Distinction and negotiation
The nature of the DPT itself is not the whole story. People have different characters, and they differ in the way they respond to DPTs in two important ways. Firstly, because DPTs are selective, they make a distinction between customers. This makes them more attractive to those with narcissistic tendencies, who draw self-affirmation from ‘downward’ comparisons with others. We expect that the more customers need distinction, the more they will value imposing and visible DPTs, which allow this sort of comparison. Secondly, DPTs are flexible and discretionary, so they are open to negotiation. This appeals to people who like to negotiate a good deal – and be seen doing so. Unjustified DPTs are difficult to negotiate, because they are not based on loyalty or the existing relationship, and this challenge stimulates those who like to negotiate. So we expect that the more prone customers are to negotiate, they less they will like justified DPTs. We also expect that they will like surprising DPTs less, because they are less able to take the initiative or control the process.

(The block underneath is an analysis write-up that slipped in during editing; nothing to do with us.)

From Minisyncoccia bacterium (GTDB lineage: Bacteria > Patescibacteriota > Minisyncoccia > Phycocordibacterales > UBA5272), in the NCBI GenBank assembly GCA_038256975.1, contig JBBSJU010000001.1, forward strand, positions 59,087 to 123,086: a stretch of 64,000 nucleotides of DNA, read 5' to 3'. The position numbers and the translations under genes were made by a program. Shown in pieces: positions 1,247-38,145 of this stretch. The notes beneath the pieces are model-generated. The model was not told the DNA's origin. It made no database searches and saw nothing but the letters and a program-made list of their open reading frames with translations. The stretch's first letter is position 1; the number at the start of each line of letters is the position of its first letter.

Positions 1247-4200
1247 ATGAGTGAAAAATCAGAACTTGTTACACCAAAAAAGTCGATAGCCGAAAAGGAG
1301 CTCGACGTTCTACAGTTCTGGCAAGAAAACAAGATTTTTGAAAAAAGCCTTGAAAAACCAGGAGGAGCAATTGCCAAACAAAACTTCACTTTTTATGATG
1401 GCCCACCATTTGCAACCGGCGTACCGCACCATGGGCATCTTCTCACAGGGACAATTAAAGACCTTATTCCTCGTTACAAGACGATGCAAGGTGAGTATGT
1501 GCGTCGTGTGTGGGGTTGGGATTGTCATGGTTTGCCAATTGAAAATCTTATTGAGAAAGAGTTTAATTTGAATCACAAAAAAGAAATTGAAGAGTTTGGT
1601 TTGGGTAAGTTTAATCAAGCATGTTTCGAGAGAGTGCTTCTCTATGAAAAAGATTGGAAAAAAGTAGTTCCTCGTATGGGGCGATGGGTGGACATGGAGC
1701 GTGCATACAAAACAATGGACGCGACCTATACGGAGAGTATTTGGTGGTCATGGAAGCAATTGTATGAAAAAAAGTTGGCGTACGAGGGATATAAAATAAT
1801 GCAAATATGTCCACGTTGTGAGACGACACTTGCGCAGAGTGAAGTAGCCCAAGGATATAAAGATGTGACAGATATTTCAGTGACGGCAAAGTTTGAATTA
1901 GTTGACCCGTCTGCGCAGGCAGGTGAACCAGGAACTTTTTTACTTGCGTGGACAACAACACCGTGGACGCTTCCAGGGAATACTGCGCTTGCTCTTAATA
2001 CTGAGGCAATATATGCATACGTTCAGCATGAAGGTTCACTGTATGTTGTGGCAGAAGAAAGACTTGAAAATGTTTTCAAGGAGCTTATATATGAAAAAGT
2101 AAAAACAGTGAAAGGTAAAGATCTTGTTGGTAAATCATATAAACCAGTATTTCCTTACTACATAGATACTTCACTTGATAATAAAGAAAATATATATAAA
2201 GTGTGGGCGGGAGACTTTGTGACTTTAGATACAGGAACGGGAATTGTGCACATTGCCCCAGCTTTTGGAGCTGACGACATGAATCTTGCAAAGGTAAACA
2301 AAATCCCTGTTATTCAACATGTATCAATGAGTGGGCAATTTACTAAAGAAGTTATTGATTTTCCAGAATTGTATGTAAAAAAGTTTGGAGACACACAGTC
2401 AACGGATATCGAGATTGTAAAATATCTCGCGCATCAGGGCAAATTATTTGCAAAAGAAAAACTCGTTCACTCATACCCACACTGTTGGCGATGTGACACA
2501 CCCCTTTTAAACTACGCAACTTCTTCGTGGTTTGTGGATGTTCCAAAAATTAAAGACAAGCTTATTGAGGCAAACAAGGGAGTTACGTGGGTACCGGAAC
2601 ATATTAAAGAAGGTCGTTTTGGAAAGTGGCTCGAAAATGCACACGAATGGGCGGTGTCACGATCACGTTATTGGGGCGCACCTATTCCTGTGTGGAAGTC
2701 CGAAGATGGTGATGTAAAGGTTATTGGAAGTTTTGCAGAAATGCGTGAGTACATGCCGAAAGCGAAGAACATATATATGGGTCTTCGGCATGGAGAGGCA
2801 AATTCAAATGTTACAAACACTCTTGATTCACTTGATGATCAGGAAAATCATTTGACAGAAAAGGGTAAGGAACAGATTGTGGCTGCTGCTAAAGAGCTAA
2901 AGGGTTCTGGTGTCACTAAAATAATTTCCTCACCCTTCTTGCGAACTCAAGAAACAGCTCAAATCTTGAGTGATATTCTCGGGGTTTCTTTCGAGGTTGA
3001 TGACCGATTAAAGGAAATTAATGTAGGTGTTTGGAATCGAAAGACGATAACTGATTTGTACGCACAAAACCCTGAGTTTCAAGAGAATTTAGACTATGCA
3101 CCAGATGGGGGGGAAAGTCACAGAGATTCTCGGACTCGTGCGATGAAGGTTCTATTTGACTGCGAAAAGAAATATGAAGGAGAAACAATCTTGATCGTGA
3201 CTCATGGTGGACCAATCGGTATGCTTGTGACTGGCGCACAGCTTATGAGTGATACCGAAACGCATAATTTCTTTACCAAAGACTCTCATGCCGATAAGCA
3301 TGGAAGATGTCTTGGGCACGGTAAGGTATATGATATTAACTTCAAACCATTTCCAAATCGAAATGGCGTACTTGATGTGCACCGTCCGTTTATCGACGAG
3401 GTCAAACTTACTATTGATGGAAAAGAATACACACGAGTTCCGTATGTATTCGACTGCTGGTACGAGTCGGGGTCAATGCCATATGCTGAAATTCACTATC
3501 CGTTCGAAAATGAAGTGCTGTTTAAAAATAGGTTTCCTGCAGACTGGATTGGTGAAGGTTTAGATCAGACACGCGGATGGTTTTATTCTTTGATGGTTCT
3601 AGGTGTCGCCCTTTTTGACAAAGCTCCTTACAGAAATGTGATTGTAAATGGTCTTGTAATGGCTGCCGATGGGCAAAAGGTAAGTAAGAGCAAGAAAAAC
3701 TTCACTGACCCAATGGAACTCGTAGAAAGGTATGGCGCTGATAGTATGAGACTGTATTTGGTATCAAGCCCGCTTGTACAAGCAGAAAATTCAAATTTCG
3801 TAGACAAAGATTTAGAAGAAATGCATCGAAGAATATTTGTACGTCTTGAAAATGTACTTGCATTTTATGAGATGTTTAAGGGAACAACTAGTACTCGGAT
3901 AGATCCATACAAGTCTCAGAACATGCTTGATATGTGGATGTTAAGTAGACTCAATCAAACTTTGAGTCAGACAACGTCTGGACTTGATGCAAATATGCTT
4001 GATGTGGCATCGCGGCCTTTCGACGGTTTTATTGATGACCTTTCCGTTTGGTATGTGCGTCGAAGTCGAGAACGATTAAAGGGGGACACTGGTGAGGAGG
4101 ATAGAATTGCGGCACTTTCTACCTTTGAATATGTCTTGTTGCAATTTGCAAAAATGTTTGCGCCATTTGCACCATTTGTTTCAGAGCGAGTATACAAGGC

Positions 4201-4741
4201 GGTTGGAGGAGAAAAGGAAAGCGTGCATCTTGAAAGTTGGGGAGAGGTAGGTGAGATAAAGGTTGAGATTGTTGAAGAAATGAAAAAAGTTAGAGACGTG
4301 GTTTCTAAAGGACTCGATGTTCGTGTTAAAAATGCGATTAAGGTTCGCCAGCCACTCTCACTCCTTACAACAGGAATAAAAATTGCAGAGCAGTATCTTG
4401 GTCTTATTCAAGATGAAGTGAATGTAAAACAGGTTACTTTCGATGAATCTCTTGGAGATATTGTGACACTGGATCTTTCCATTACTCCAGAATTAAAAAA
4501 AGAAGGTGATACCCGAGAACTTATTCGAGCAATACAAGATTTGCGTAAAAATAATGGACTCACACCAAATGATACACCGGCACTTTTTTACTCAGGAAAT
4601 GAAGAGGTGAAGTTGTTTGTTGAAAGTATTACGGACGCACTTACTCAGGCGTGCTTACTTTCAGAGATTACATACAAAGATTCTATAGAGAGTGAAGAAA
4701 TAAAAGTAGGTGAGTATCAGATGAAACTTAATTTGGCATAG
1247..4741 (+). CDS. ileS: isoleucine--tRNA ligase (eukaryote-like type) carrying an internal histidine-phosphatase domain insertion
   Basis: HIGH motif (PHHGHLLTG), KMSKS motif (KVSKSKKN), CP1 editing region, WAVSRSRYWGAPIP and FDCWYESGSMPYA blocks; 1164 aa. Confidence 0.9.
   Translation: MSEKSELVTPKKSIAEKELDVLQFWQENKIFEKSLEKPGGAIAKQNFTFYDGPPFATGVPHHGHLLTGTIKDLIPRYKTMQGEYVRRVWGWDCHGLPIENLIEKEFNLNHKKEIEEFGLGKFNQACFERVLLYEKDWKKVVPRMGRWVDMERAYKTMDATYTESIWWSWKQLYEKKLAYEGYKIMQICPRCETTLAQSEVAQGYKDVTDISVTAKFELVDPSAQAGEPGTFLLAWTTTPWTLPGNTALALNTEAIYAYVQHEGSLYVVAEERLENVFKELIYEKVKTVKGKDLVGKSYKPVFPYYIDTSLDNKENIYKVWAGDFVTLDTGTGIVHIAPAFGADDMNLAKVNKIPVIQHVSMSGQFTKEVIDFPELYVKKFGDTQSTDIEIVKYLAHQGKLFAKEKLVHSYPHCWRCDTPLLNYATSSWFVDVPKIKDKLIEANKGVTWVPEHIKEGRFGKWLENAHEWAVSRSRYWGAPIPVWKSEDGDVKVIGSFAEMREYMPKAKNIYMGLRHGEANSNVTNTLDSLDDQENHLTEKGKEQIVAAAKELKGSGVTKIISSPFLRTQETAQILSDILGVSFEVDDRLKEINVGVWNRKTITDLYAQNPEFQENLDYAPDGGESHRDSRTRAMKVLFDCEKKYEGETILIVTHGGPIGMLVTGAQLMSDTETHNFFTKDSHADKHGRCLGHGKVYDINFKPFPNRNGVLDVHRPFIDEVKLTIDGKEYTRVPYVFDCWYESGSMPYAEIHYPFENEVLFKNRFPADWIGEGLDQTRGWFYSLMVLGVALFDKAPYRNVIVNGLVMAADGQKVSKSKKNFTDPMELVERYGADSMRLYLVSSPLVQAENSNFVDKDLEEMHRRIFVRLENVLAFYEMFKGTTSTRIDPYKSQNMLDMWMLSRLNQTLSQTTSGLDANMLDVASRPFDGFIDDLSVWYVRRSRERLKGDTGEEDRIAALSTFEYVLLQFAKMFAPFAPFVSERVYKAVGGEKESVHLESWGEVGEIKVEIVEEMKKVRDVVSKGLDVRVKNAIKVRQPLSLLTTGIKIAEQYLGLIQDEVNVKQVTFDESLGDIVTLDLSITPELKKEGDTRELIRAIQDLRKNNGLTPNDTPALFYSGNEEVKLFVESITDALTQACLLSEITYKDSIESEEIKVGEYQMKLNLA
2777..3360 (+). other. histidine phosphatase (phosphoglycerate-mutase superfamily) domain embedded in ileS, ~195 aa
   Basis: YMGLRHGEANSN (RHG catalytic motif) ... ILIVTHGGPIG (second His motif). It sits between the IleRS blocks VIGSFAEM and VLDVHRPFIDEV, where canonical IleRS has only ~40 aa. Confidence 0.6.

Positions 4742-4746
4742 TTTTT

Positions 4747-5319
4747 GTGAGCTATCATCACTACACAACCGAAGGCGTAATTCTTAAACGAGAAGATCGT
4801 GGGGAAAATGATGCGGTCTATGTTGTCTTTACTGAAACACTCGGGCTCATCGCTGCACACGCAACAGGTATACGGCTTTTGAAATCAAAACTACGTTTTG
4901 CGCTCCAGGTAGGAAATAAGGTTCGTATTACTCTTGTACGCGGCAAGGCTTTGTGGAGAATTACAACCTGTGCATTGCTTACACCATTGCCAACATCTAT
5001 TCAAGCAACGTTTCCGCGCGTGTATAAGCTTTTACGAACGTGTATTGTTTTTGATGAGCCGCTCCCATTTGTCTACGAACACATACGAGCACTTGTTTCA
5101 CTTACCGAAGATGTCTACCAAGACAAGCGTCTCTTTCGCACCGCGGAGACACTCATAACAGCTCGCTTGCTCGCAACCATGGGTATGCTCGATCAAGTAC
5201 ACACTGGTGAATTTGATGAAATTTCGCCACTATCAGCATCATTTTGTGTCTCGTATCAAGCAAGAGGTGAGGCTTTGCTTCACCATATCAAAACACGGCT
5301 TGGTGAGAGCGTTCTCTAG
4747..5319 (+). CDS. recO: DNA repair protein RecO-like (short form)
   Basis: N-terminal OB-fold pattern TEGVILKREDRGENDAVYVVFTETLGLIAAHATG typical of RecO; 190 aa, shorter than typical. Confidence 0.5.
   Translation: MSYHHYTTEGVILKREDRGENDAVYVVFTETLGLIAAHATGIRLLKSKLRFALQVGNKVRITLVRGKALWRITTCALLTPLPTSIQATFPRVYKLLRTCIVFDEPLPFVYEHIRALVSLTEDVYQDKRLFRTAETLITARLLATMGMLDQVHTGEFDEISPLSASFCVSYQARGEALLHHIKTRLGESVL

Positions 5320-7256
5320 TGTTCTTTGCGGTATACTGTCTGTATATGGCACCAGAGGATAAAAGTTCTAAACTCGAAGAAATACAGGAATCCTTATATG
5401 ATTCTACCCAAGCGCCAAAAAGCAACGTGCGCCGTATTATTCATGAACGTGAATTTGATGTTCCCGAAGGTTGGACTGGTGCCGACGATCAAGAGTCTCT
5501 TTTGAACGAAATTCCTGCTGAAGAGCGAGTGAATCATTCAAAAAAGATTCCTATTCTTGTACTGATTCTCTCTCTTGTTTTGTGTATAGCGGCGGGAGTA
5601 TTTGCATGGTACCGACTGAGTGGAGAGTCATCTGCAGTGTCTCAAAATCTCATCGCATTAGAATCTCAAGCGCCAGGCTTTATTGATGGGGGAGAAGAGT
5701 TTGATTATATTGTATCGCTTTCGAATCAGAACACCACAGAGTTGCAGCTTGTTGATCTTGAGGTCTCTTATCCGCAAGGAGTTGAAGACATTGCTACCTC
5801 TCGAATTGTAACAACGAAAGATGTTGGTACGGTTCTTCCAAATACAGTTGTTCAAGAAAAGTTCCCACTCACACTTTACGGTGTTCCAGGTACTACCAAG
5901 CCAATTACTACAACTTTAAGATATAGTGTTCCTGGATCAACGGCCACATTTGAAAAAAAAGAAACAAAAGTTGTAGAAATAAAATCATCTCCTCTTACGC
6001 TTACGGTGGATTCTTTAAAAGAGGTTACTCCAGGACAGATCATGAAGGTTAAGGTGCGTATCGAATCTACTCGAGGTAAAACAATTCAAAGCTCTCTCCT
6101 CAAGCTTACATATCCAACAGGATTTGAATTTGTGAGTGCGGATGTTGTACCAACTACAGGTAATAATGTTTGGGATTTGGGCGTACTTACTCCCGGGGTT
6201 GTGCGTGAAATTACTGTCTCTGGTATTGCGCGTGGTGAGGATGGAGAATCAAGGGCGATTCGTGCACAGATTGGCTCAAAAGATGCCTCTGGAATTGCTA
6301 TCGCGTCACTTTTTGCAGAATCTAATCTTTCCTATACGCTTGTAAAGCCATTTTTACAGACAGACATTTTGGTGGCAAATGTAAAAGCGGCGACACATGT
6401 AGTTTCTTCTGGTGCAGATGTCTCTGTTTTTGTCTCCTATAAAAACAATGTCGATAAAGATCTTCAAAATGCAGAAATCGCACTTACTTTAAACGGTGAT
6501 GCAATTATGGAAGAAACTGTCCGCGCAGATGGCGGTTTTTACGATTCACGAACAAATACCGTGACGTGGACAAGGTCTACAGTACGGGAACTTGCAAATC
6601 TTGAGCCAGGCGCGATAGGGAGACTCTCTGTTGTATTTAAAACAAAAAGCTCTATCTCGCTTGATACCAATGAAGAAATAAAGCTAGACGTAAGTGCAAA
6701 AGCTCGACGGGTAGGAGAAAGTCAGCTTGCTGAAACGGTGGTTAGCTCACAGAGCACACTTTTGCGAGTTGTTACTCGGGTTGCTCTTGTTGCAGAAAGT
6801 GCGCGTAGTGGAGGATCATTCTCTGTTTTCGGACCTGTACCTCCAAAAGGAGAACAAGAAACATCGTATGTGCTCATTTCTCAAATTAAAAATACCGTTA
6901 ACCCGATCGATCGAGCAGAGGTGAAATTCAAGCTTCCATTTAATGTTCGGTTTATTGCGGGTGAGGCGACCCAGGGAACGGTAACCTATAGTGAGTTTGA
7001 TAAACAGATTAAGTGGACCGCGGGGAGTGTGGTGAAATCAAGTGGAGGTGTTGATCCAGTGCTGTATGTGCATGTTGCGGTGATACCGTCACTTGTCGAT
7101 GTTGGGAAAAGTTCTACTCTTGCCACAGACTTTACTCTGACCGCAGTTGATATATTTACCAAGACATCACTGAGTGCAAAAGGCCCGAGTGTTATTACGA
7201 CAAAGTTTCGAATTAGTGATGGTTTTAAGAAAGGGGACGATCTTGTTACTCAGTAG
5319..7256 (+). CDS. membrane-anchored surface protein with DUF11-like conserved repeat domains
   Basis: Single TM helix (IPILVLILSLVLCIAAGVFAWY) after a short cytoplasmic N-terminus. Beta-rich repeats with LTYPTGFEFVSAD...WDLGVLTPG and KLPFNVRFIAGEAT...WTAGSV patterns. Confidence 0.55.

In the restaurant
We tested our ideas in two settings, a hotel restaurant and a specialty store. In the restaurant, 120 guests of all ages and backgrounds were asked to rank four hypothetical DPTs, each of which was described by two of our four dimensions. They also completed a test to gauge their preference for distinction and negotiation. As expected, we found that people preferred justified and surprising DPTs – but, unexpectedly, they also preferred imposing DPTs. In hindsight, we realised that the imposing scenario we had offered – getting a table in a fully booked restaurant – offered a practical benefit that must have outweighed any guilt. On a more general level, it may also be that customers like to see a firm sacrificing others’ wellbeing just to delight them. Our theory on visibility was not supported by the data, but that doesn’t mean people are indifferent to it – in fact, their preferences varied wildly. Customers who liked distinction valued imposing and visible DPTs, as we expected. They also valued surprising DPTs, which makes sense in a culture where customers receive many preferential treatments – the rareness of surprising DPTs enhances their value. Keen negotiators tended to dislike justified and surprising DPTs, in line with our theories. They also valued visibility, indicating that they liked others to see them getting a better deal for themselves.